Session 2 – Smart Search
The widespread use of Web search engines has made keyword queries the most popular model for search. BiblioCommons Keyword smart search has been designed to return relevant results for a wide range of scenarios most common to public library catalogues.
For these next few search tasks, we’d encourage you to open two browser windows, one with your previous OPAC the other with BiblioCommons, and to compare the results you are getting in each.
2.0 Basic Keyword Search – Known Titles/Authors
Known titles and authors are the most common type of search in most libraries’ OPACs. And while these should, in theory, be relatively easy to get right, even these have often proven problematic for our users with traditional OPAC search technologies.
Task: Try some of the queries below in both BiblioCommons and your previous catalogue and compare result sets (leaving both catalogues defaulted to Keyword).
- Keyword – Twilight
- Keyword – 24
- Keywords – Mamma Mia!
- Keywords – God is not great
Tip: You can use quotation marks around a phrase for an exact match, but this usually isn’t necessary for titles you already know.
Task: Now try some of the various versions of the author name below in both catalogs. Again leave both defaulted to Keyword.
- Keywords – William Gibson
- Keywords – W Gibson
- Keywords – W. Gibson
- Keywords – Gibson, William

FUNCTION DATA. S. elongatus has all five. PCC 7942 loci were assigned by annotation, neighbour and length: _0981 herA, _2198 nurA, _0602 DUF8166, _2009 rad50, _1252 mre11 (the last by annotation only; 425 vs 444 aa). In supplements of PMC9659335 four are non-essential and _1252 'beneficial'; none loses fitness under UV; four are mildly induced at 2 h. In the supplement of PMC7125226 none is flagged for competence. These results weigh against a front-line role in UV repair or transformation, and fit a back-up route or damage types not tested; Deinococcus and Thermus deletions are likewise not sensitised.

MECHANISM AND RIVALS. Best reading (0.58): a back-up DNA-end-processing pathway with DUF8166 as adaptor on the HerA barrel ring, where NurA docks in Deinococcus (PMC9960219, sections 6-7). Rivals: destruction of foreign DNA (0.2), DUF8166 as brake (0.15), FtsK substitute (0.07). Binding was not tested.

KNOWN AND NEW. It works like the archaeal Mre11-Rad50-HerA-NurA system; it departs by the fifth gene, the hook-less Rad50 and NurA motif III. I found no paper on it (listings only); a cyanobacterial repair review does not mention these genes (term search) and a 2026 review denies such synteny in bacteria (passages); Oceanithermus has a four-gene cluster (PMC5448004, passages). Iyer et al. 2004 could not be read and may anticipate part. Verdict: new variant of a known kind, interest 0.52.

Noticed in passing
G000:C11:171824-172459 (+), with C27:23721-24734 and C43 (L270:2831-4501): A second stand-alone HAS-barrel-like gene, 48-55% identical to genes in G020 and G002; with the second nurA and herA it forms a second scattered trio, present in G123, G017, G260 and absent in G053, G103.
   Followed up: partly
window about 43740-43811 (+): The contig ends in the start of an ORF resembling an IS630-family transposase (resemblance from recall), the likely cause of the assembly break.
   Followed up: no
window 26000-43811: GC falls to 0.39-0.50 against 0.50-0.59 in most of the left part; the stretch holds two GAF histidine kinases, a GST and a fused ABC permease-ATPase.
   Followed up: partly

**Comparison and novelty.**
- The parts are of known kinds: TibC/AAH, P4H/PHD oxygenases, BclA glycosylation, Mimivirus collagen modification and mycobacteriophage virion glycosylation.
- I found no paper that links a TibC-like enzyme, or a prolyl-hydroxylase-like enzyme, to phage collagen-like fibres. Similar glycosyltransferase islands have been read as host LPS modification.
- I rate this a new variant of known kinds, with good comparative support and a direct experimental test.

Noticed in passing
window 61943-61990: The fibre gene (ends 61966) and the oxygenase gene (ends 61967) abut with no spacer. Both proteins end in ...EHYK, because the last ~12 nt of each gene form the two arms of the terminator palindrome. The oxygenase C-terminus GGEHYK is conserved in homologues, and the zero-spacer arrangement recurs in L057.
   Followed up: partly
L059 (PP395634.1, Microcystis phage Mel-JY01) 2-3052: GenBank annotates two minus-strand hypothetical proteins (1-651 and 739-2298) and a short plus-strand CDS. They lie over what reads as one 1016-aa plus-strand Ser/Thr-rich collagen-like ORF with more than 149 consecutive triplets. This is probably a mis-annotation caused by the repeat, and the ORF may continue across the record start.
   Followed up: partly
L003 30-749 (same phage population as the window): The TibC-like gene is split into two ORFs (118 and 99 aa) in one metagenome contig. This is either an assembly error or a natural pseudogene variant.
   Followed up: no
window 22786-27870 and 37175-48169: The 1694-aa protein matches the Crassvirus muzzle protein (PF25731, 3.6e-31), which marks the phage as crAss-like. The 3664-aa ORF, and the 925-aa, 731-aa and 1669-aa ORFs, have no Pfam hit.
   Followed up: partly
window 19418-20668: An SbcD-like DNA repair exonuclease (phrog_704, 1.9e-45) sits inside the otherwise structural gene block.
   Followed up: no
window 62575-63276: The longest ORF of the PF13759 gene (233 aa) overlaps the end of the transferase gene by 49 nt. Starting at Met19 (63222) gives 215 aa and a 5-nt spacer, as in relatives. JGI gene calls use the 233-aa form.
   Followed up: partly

Go Further: Search by ISBN or Call number.
Another way to find known items is by ISBN or Call number. You can also use the default Keyword setting of the smart search box to query by these fields.
Hint: For a known call number search by either:
- Inserting call number in quotation marks
- Removing any spaces
2.1 Smart Search – Searching for Format, Language and Audience
Smart search can recognize combinations of format, language and audience – and responds by applying the appropriate facets. And there is a thesaurus working in the back-end, which allows varying words to be recognized (e.g. dvd, dvds, movie, movies).
Task: Compare how your new and old catalogues respond to format, language and audience searches.
- Keyword – dvd
- Keywords – new kids english movies
- Keywords – french books
- Adding additional words that are not format, language or audience to your search will make the search a keyword search (e.g. a search for kids movies dogs will be a keyword search).
- There is always the option to revert back to a regular keyword search (there is a link at the top of your search results). This could be useful if you did a search for teen books with the intent to find readers’ advisory type books.
2.2 Smart Search – Interpreting Spelling Errors with the “Did you mean” Function
Task: Compare how your new and old catalogues respond to spelling errors.
Try entering these spelling errors in both BiblioCommons and your previous catalogue, or think up some of your own.
- Keywords – Wolt Dizny
- Keyword – Ironman (as one word)
- Keyword – Pirate of the Caribean
Again, if you find curious cases where BiblioCommons returns zero results or non-intuitive Did you mean responses, please share these in the feedback box and help smart search get smarter!
2.3 Multi-field Searching